Research Article | Open Access

Vaishnawi Gupta and Aditi Buch

Department of Biological Sciences, P.D. Patel Institute of Applied Sciences, Charotar University of Science and Technology, Changa – 388 421, Dist. Anand, Gujarat, India.
J Pure Appl Microbiol, 2019, 13 (1):319-328 | Article Number: 5509

https://dx.doi.org/10.22207/JPAM.13.1.35 | © The Author(s). 2019 

Received: 20/01/2019| Accepted: 07/03/2019 | Published: 25/03/2019
Abstract

Use of multifunctional plant growth promoting rhizobacteria (PGPR) for managing plant growth and health could not only facilitate higher positive effects on plants but also enable their predominant rhizospheric prevalence. While multi-functional PGPR are common, those harbouring both direct and indirect traits of growth promotion are relatively fewer. The present work aimed at isolating and characterizing the otherwise unusual multipotential PGPR with P-solubilizing ability in combination with broad-spectrum biocontrol abilities from diverse soils and analysing their relative prevalence. Primary screening yielded 50 isolates with varying P-solubilizing potential; of which only 8 showed In vitro antibiosis of E. coli. Selected 14 isolates with varying degree of P-solubilizing and antibacterial potential were evaluated for siderophore, HCN and indole-3-acetic acid (IAA) production. While all selected isolates produced HCN, 13 of them produced IAA and 10 showed siderophore production, at varying levels. Biochemical characterization of these isolates indicated that siderophore production was maximum with fluorescent Pseudomonas isolates while isolates of Enterobacteriaceae family were best IAA producers. However, molecular characterization of isolates capable of efficient P-solubilization along with strong ability to exhibit all the three biocontrol traits, identified them as Pseudomonas spp., typically P. aeruginosa. Overall, these results indicate that categorically P. aeruginosa species are likely to predominate as rhizobacteria with co-existence of discrete abilities to solubilize P as well as produce IAA, siderophore and HCN. The study also implies relatively higher metabolic versatility of P. aeruginosa species as compared to other members of fluorescent Pseudomonas family; thus, accounting for their rhizospheric abundance.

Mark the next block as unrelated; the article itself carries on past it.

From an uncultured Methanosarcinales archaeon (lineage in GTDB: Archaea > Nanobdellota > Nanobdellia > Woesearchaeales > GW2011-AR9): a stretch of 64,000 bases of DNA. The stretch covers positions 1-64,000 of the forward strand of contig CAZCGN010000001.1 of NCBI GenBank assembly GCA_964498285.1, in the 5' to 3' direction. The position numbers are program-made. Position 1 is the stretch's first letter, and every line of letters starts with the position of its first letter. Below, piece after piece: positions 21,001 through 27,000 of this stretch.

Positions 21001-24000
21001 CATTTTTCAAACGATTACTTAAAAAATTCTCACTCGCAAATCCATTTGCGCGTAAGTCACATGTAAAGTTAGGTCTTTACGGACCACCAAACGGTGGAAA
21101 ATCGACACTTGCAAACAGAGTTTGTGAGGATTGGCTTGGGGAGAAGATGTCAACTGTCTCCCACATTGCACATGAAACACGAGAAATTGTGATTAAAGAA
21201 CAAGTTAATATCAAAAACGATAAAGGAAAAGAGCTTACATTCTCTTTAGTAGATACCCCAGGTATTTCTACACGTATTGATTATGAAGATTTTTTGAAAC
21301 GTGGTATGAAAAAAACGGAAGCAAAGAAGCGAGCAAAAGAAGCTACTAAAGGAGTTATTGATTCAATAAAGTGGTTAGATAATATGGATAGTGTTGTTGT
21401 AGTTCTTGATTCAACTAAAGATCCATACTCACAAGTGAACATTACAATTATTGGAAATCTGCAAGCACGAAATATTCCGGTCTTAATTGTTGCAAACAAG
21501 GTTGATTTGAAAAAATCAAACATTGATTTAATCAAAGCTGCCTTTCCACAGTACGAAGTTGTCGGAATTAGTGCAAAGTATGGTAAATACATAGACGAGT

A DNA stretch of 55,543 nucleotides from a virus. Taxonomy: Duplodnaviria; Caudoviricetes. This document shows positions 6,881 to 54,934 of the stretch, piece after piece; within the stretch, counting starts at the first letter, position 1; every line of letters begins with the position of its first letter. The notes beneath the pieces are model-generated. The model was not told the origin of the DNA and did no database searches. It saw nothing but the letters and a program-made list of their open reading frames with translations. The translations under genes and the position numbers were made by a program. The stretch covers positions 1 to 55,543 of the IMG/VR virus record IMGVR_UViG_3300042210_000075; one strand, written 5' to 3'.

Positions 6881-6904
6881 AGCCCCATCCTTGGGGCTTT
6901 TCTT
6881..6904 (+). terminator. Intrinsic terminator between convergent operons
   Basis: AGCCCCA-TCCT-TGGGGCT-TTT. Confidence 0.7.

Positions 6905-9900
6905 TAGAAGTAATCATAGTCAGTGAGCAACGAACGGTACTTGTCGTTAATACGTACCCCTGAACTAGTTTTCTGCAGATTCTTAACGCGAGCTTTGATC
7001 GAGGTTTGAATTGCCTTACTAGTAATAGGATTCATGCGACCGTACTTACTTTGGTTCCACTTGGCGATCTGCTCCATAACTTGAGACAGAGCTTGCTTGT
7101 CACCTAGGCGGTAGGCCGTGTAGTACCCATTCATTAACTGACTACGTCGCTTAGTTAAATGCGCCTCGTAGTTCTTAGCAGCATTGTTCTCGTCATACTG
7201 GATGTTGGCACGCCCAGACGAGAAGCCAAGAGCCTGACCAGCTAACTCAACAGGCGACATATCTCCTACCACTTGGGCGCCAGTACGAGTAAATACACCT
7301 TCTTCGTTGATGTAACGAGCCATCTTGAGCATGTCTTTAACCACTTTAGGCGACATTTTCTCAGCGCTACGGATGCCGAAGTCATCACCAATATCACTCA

Keywords

Multipotential PGPR; Rhizospheric Pseudomonas aeruginosa; P-solubilization; Biocontrol.

Introduction